Stephen Toope, the president of the University of British Columbia, will leave the top job at the end of June, 2014, two years before his second five-year term is scheduled to end.
Dr. Toope, who took the helm at UBC in 2006, said he spent "a few months" considering the decision, which comes from a desire to return to his academic pursuits in international law and international relations.
He has emerged as a leading voice in Canadian higher education, currently chairing the Association of Universities and Colleges of Canada, and was rumoured to be a desirable candidate for the president and principal's jobs at the University of Toronto and McGill University, both of which recently announced new leaders. But he had made it clear he wasn't interested in either position, and now says conclusively his days as a university president will be over next year.
"I've been thinking for a little while what I would like to do with the rest of my life, when I grow up, so to speak," said the 55-year-old, who was last a full-time professor more than a decade ago. "I wanted to make sure that I gave myself some time to really focus on my areas of professional and academic interest."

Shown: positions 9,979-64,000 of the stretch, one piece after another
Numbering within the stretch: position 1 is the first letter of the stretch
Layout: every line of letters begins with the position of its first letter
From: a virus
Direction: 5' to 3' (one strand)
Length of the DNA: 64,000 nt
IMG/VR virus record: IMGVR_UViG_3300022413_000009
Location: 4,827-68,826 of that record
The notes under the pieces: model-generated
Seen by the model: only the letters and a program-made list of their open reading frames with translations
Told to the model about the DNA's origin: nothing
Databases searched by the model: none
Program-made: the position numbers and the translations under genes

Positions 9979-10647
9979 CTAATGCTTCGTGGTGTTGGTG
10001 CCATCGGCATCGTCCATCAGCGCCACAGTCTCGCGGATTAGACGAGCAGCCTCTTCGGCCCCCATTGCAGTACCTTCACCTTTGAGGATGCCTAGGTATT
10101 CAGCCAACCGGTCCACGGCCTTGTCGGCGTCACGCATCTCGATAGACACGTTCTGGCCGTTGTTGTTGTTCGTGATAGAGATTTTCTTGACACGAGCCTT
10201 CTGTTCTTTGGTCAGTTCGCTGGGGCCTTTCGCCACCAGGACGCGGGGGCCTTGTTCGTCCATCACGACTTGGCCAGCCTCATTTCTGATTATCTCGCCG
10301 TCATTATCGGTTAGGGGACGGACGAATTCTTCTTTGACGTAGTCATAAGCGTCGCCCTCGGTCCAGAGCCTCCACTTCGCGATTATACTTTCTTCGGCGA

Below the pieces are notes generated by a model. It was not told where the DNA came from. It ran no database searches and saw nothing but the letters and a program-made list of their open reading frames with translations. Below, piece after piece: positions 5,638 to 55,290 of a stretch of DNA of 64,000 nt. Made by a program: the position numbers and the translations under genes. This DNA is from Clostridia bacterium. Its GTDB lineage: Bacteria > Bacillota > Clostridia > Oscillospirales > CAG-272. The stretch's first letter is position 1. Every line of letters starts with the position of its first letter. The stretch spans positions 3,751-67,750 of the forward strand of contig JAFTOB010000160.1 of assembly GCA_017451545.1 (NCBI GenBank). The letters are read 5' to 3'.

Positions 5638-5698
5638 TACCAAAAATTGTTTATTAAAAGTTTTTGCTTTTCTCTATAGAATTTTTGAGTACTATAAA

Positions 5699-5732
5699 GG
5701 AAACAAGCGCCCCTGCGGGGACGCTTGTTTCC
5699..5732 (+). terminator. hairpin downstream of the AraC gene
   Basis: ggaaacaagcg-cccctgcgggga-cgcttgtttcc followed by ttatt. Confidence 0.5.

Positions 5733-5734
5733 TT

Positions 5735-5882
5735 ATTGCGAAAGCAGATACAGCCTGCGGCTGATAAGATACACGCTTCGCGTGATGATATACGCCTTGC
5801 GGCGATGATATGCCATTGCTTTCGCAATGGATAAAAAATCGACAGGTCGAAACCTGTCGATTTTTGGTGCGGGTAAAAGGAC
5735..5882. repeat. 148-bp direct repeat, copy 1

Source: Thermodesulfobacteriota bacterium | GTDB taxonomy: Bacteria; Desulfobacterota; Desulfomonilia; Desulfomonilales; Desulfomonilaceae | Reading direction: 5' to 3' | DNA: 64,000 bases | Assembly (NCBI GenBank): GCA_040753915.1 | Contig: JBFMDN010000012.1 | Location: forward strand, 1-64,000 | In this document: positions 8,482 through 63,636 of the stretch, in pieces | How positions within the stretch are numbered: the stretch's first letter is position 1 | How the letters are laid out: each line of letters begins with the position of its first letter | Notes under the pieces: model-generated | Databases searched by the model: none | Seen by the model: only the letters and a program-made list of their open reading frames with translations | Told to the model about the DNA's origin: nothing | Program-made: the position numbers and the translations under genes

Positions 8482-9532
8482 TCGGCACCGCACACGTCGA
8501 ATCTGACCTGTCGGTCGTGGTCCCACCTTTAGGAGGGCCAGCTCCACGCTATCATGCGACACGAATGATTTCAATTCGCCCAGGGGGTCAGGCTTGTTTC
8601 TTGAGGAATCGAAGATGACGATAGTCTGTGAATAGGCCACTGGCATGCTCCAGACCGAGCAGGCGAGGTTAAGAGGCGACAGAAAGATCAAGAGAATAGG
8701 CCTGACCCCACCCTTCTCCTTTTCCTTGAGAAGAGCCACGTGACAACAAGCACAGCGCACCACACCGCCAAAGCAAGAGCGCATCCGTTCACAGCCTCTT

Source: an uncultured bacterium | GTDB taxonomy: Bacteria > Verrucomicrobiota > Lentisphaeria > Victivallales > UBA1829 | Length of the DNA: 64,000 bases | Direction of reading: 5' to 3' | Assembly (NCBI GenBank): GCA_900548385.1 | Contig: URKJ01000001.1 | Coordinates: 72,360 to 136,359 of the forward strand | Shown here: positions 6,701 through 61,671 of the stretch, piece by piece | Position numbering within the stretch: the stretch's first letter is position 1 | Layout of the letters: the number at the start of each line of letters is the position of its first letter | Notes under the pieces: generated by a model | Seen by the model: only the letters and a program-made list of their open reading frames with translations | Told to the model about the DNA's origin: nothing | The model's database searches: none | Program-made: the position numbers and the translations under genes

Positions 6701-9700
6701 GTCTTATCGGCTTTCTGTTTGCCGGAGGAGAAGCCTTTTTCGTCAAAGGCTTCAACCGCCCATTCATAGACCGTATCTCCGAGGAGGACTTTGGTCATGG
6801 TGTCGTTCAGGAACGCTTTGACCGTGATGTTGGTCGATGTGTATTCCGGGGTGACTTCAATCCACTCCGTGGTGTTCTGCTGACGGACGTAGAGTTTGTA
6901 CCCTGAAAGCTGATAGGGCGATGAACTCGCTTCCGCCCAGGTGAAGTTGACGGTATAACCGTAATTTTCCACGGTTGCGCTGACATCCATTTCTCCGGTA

Dr. Toope insists he's "not feeling burnt out at all" after seven years as president, and praised "the spirit" of UBC, but described the job as "relentless." He started to feel the pull of having "more time to interact with students than I currently do," and looks forward to having more freedom to speak his mind on major issues of the day when he no longer represents the University.
The timing of the announcement coincides with a board of governors meeting happening Wednesday, as Dr. Toope is required to give at least a year's notice before leaving the job. In a statement, UBC board chair Bill Levine called Dr. Toope's accomplishments as president "truly outstanding," and said a search for his successor will begin shortly. But Dr. Toope gave no hint of whether he'll stay on as a professor at UBC after he steps down.
"I truly have no idea what comes next," he said.